At the current time, operating coal fired boilers with the lowest possible emissions of Nitrous Oxides are imperative. Proper sizing of coal transported through the burner lines is mandatory to achieve low NOx formation without unacceptable levels of unburned carbon in flyash.
Fineness is a primary mechanism for controlling flyash and bottom ash L.O.I.; however, it is also required to enhance rapid de-volatilization of coal which is required to reduce NOx. Low NOx is facilitated through lower burner stoichiometry, less intense mixing of air and fuel at the burners, combustion staging or low excess air. All of these factors provide less abundance of O2 in close proximity to the coal; making complete combustion of “char” carbon more difficult. Due to this, previous fineness standards which were typically 70% passing 200 Mesh and <1% remaining on 50 Mesh must be increased to higher levels to compensate for less intense combustion associated with Low NOx firing. Without increased coal fineness standards, NOx and LOI goals cannot be achieved as NOx and flyash L.O.I. are typically inversely related. That is, as NOx emissions decrease, flyash L.O.I. will increase.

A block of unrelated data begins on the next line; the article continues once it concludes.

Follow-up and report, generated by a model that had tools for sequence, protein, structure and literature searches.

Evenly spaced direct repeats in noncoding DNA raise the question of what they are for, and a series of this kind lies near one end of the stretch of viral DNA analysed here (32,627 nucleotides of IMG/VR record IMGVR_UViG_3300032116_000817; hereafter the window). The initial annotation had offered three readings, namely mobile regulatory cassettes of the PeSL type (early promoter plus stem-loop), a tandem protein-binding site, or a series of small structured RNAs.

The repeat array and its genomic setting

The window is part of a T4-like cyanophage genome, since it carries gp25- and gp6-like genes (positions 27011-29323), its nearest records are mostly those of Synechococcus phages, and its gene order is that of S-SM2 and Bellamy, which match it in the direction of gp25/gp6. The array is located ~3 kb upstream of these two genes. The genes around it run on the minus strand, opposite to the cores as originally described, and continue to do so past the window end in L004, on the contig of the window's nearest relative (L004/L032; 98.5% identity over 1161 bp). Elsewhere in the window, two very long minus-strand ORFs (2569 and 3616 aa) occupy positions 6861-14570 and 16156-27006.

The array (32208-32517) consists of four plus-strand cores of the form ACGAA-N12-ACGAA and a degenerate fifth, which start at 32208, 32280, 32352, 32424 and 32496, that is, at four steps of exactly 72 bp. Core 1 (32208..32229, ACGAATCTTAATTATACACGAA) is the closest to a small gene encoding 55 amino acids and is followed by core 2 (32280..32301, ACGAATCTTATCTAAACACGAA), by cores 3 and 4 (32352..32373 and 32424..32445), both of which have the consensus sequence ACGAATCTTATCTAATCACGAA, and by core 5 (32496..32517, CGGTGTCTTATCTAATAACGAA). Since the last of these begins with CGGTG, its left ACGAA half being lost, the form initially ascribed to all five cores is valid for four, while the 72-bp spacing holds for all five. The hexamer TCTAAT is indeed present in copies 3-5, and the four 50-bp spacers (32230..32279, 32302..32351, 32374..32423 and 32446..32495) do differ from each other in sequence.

Higher than desired flyash or bottom ash Loss on Ignition (LOI) or unburned Carbon content is frequently caused by less than optimum coal fineness. The graph below illustrates a typical relationship between flyash LOI and coal fineness on a tangentially fired boiler firing Eastern Bituminous coal. Change in flyash LOI is less dramatic on Western coals due to the coal’s reactivity and ash content but this relationship still holds true.
These results will vary between different units due to furnace geometry (mainly furnace retention time), coal properties and firing configuration. Despite these differences, flyash L.O.I. will always be lower with higher fineness levels. Smaller coal particles require less time to burn, minimizing the chance of quenching carbonaceous deposits below their ignition point before leaving the furnace.